Image: Amy Kinkead

Whether enjoying our morning coffee, hosting an impromptu virtual happy hour, or giving the kids some much-needed pool time, Houstonians are spending more time than ever on our patios. We have to be to stay sane.

Since we’re utilizing our outdoor spaces more often, you may want to freshen yours up a little. We’ve consulted the pros on five projects you can do yourself—but don’t be daunted.

Says Jake Turner, cofounder of design and build company Everything Outdoors of Houston: “A lot of this stuff is homeowner-friendly.” Sounds great to us.

Rehab your greenery

“Plants can get stressed this time of year,” says Zach Buchanan of Buchanan’s Native Plants in the Heights. You can avoid a sad, droopy garden with once-weekly deep soaks (long enough for the water to filter out the bottom of potted plants; about 30 minutes for larger garden plots) instead of daily morning watering. Just one soak, says Buchanan, “makes a strong, more resilient plant.”

Don’t have plants at all? You've still got time. “It’s the last month to start pumpkins,” says Buchanan. And if you’re not up to growing anything from seed, perk up the patio with a starter plant: salvia, esperanza, pentas, gaura, cactus, and rosemary can withstand the summer heat and are drought-resistant.

Administer a wellness shot

Giving everything from potted plants and veggies to shrubs and the lawn a dose of organic amendments—nutrient-rich seaweed, molasses, or compost—improves the condition of the soil and even the plant’s biology, says Buchanan, “ultimately making the plant more successful, no matter what it is.” And one more thing: if you put mulch down in spring, now’s a good time to refresh it to keep plants cool and retain moisture in the soil.

Throw some shade

“Pergolas are pretty easy to build,” says Turner. “It’s just four posts, and you’re stacking on each other.” If you dare to build, use weather-resistant cedar for the entire structure, and consider a Polygal roof instead of the standard slatted style. It’s a thick, multi-wall sheeting that lets sunlight in but not the rain. If you don’t feel that handy, a fashionable sun-sail or other canvas topper works just as well, though you’ll have to remove it for periodic power washings.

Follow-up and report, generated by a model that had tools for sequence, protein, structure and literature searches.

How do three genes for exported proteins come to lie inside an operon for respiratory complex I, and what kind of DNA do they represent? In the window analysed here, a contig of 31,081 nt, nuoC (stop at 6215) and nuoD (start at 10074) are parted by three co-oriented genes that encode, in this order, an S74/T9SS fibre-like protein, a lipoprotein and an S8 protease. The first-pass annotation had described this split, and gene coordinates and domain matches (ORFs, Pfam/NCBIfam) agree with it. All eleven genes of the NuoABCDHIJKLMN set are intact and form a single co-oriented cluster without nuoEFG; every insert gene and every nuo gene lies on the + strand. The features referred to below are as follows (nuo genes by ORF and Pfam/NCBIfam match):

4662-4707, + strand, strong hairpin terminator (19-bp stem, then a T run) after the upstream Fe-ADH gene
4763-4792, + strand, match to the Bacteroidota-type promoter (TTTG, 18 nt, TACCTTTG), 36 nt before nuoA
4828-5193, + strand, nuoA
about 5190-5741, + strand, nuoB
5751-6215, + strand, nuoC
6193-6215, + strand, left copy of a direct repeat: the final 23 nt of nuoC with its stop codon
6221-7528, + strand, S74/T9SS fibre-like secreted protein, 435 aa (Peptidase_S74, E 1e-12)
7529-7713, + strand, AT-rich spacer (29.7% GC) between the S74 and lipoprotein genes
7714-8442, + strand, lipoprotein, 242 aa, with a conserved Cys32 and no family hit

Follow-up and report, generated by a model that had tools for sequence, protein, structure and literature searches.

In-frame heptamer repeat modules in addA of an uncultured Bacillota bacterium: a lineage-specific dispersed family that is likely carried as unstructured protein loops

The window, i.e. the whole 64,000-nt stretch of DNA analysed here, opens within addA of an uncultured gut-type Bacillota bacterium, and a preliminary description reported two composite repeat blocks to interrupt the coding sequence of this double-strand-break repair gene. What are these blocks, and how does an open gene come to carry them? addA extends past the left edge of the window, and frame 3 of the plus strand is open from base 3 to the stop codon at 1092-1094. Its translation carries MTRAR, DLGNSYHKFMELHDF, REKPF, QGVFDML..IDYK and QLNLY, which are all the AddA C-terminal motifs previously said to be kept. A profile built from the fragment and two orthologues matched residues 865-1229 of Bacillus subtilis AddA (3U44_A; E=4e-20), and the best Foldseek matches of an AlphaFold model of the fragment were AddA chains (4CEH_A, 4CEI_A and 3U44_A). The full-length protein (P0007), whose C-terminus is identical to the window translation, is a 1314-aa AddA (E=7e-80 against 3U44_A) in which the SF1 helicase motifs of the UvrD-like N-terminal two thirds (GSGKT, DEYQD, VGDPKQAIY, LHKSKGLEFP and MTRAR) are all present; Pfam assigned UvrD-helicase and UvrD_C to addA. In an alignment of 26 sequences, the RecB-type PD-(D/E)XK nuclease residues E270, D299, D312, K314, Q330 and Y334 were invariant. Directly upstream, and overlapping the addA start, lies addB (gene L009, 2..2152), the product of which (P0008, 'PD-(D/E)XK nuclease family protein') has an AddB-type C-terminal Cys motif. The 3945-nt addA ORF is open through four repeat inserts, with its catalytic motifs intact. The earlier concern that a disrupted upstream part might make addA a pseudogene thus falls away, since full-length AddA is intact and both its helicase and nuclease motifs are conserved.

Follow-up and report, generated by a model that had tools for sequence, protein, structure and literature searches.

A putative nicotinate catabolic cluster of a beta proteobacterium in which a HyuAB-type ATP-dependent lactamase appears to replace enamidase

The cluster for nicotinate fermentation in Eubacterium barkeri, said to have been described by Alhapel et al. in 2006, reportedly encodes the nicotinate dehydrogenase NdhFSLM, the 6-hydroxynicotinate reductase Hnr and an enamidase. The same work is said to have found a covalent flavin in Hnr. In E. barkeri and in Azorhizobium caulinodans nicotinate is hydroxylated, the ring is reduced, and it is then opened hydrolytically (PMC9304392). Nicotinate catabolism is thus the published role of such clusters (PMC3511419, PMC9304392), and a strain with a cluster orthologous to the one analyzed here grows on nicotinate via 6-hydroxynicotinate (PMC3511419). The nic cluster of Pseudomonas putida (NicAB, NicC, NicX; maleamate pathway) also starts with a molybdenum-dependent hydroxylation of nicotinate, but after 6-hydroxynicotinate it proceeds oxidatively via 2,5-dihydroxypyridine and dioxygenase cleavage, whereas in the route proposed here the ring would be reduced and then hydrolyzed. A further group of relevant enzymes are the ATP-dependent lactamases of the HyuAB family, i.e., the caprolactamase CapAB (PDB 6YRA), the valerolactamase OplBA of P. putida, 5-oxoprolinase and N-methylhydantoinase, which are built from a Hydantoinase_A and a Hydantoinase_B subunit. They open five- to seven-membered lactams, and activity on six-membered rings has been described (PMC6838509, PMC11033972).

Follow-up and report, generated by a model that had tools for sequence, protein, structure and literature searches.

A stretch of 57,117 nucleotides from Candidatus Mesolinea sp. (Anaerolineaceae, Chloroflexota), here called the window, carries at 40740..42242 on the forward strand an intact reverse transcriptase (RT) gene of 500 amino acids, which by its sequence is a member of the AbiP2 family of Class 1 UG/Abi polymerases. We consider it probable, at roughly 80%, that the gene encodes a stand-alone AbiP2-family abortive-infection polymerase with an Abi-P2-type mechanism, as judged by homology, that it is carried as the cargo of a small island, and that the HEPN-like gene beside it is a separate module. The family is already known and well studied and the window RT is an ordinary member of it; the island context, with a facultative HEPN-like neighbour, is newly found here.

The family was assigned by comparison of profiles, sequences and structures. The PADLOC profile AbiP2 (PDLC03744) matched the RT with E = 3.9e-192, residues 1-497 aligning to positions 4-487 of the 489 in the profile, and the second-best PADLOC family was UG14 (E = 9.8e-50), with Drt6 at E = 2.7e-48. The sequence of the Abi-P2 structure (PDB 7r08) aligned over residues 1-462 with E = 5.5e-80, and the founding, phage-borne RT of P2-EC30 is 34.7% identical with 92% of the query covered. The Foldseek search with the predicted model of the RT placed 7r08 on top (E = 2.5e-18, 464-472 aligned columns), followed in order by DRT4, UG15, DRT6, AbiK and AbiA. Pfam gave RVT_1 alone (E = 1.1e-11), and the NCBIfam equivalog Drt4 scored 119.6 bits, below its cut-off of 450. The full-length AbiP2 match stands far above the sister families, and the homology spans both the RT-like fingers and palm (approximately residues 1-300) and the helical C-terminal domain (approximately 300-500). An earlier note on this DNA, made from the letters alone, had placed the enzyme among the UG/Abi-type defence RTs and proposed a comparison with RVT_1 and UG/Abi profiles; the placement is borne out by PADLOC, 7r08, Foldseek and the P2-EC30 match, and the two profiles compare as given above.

Get cookin’

Installing an outdoor kitchen can be a game-changer for home cooks. Plus, the most basic kitchen setup is available as a DIY kit with a drop-in (or built-in) grill (Turner recommends Blaze Grills), counter space, and upgrades—a fridge, a sink, even a hibachi.

But Turner urges caution if you're mulling over putting in something more fancy, like a stone workstation with a granite countertop customization. Says Turner, “I wouldn’t recommend homeowners do that themselves.” That kind of job is likely to start at around $12,000.

Plan ahead for fall

Over the past five years or so, fire pits have become, you know, a hot item. “It creates an ambience outside, and a gathering place for friends and family,” says Turner.

The easiest way to build one? You guessed it—with a kit. Companies like Belgard will even customize your pit’s colors, textures, and shapes, but you can still install it. After about 30 minutes of work, you’ll be all set for our first cold front.

Of course, we won’t judge you for firing it up in summer—just respect any social distancing recommendations that may still be in effect before inviting the neighbors to come gather round to sweat and roast marshmallows.

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